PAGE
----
Those of us who live in Connecticut are used to brutal winters and navigating through ice and snow both in our cars and on foot. However, we expect the roads as well as sidewalks, walkways, outdoor steps and other areas to be cleared as soon as possible.
These areas can be especially dangerous, even when people have the proper footwear. Slips and falls on icy, hard surfaces can cause head injuries, broken bones and other serious consequences.
Understandably, trying to shovel or pour sand or salt on these areas in the middle of a snowfall can be futile. At what point are Connecticut property owners liable for having dangerous conditions that result in injuries?
Local ordinances vary
Cities and counties throughout Connecticut often have their own ordinances regarding how soon ice and snow need to be removed. For example, an ordinance may require that this be done within a day or even less after snow has stopped falling or has frozen. It may give property owners a little more time if the precipitation stopped overnight. At the very least, property owners should spread something on the ice to melt it or make it less slippery if they can’t remove it.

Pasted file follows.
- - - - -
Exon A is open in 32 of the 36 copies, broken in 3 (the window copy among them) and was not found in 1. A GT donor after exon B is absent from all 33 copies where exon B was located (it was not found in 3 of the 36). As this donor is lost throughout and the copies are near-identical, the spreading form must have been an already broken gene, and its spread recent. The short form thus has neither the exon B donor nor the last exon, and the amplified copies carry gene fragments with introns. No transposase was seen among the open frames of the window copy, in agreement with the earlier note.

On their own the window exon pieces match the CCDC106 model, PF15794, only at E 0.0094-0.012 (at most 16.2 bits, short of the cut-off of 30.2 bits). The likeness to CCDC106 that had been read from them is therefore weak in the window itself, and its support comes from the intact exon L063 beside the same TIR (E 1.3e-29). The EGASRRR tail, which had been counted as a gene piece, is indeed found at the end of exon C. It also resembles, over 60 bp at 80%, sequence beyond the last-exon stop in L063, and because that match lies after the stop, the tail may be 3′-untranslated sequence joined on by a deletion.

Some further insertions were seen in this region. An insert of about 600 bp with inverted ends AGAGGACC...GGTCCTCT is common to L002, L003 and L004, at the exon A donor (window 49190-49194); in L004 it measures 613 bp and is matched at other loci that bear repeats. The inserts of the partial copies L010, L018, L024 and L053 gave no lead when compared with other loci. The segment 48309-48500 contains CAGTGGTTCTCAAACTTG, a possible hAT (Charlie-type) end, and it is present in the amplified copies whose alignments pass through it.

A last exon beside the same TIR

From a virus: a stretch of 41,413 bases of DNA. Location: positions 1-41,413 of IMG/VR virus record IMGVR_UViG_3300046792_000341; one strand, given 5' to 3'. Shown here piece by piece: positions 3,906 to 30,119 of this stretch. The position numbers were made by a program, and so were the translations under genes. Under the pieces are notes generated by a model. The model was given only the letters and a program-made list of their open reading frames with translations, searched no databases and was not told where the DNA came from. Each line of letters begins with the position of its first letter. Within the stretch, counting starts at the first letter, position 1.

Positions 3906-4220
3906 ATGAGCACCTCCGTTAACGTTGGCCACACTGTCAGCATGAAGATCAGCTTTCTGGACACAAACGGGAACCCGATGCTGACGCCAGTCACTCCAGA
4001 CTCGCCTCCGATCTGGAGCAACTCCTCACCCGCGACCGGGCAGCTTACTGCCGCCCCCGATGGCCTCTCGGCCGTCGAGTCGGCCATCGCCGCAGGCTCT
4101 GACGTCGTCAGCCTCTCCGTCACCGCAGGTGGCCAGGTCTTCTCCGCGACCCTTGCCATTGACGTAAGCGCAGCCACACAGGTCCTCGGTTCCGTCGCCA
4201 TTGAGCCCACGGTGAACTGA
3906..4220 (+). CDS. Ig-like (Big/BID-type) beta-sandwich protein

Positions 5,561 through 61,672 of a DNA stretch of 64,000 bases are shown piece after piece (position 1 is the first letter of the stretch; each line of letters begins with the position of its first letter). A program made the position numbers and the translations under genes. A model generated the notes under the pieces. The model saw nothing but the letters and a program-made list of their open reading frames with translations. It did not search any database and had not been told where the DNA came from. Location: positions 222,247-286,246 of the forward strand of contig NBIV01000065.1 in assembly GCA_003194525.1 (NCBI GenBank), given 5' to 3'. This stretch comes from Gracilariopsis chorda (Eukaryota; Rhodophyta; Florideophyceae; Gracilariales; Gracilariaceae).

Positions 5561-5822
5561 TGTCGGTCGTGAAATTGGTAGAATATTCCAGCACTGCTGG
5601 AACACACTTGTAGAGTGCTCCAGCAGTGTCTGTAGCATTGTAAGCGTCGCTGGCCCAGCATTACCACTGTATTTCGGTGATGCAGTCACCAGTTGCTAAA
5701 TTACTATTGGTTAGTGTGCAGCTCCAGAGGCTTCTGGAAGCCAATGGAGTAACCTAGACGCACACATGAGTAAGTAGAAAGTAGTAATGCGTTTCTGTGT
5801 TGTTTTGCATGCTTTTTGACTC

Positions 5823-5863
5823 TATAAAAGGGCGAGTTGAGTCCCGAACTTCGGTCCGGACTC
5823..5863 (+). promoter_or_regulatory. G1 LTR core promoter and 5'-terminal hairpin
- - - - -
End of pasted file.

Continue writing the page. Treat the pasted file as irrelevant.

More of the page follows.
Every situation is unique. However, if you’ve suffered injuries after falling on a slippery or snow-packed surface that you believe the property owner neglected, it’s important not to sign away your rights if they hand you a liability waiver or to say anything that can be interpreted as taking blame for it, like “I’m such a klutz” or “I really wore the wrong shoes today.” Further, don’t accept a quick settlement offer until you know the full extent of your injuries. A good first step is to get some legal guidance.